“However, we quickly realised we could achieve much better performance, better reliability and greater cost efficiencies if we could run them all on commodity hardware, such as HP and Dell. So, we eventually moved all those Tandem machines onto Linux systems, and as soon as we did that we increased performance by a magnitude.”
CME completed the migration of the entire Globex platform onto Linux boxes last year, “which has reduced our latency from seconds down to 4 – 6 milliseconds”, Kometer adds.
But the company’s technology developments do not stop there. Kometer says that when you are running technology for an exchange you “don’t just stop making improvements”, as advancements in technology mean that you can always work on capacity, scalability and performance.
Having now moved to Linux, CME is looking to refresh the order entry and market data parts, as well as upgrade the exchange’s network infrastructure.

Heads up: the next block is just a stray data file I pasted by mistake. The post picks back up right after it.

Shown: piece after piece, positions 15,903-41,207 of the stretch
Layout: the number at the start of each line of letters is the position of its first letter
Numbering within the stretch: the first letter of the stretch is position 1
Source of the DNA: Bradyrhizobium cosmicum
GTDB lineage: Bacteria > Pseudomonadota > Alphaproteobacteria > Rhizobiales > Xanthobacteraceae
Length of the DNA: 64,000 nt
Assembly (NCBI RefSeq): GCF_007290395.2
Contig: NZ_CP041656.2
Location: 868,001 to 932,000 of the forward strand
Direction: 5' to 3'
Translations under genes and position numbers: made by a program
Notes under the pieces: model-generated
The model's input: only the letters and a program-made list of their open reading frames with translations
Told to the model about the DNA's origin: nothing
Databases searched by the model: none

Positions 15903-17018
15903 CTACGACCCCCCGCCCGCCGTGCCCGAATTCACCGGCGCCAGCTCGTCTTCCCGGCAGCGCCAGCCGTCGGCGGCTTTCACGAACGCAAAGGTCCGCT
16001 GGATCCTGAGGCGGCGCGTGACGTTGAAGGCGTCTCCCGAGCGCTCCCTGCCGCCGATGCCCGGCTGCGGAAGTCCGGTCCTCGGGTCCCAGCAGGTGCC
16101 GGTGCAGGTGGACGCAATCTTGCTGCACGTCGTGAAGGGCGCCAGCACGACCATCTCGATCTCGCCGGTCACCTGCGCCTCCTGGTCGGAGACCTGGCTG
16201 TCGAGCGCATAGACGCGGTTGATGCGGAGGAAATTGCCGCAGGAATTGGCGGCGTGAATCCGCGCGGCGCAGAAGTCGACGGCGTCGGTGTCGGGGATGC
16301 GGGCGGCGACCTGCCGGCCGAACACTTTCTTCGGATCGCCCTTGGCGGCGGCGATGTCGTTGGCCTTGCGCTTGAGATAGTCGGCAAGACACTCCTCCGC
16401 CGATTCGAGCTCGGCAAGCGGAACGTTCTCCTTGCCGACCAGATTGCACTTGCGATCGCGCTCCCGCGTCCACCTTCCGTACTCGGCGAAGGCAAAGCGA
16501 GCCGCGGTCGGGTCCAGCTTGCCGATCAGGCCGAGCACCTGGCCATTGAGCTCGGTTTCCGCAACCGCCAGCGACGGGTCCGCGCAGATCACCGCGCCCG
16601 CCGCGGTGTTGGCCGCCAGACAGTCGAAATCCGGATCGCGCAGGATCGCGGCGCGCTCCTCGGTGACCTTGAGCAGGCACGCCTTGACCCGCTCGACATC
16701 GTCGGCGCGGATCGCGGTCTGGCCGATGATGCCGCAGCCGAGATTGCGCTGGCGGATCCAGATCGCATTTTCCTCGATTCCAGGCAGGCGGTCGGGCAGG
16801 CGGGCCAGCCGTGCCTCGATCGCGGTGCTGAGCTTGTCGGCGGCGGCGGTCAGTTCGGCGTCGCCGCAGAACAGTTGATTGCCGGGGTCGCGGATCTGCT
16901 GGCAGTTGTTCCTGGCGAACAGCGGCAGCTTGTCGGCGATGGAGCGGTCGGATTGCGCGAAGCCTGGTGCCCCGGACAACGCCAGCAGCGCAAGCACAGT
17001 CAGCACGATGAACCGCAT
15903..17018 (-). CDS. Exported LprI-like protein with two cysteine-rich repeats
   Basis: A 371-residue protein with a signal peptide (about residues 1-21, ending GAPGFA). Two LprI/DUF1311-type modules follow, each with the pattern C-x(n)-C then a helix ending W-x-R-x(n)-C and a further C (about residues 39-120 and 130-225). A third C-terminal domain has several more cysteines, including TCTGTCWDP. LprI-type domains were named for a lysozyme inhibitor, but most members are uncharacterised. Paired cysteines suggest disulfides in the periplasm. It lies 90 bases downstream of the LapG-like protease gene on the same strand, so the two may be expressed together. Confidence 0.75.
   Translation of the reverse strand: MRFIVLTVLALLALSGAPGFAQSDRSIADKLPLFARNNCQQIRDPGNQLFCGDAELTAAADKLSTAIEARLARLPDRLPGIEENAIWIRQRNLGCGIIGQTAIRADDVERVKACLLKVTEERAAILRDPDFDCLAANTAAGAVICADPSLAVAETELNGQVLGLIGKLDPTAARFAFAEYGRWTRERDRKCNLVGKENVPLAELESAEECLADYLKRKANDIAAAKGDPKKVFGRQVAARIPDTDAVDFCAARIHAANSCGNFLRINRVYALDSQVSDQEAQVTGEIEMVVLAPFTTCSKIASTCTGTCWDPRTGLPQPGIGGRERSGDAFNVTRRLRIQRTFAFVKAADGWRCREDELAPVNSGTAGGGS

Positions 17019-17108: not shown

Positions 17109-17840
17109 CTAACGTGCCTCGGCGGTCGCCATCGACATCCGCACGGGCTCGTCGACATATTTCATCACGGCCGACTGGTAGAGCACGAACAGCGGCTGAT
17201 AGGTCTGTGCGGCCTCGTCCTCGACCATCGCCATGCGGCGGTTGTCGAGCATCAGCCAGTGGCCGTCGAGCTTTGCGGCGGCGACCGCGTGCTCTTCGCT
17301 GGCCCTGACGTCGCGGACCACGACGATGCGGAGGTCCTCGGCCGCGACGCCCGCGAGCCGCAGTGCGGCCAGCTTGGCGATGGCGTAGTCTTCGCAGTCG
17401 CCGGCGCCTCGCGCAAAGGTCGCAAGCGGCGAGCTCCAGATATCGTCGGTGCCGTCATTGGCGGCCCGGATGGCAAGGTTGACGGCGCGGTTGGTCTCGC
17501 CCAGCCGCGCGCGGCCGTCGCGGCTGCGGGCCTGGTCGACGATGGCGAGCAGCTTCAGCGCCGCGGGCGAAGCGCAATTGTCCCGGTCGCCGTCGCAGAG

“By year-end we want to go back and reassess order entry and market data, rewrite them and make the software better, more efficient. We are consolidating some components and will be put it on the next generation of hardware,” says Kometer.
“We are also creating a separate network just for trading. So we are pulling all of that out of our general purpose network and creating a brand new one just for Globex, which will run on Cisco kit and be much faster.”
He adds: “The main reason that we make these changes is that we want to create consistent performance for our customers. There are always things out there that can make it faster, but we are more concerned with consistency.”
Given the number of IT failures in the financial sector of late, such as the Facebook IPO debacle, which has left Nasdaq facing a number of law suits and losses in the region of hundreds of millions of dollars, upgrades aren’t to be taken lightly in an exchange environment.
Kometer explains that one of the main challenges with improving an electronic trading platform’s technology is testing, where he estimates that more than half of a project’s entire lifecycle is spent trying to make sure all problems are ironed out before any new system goes live.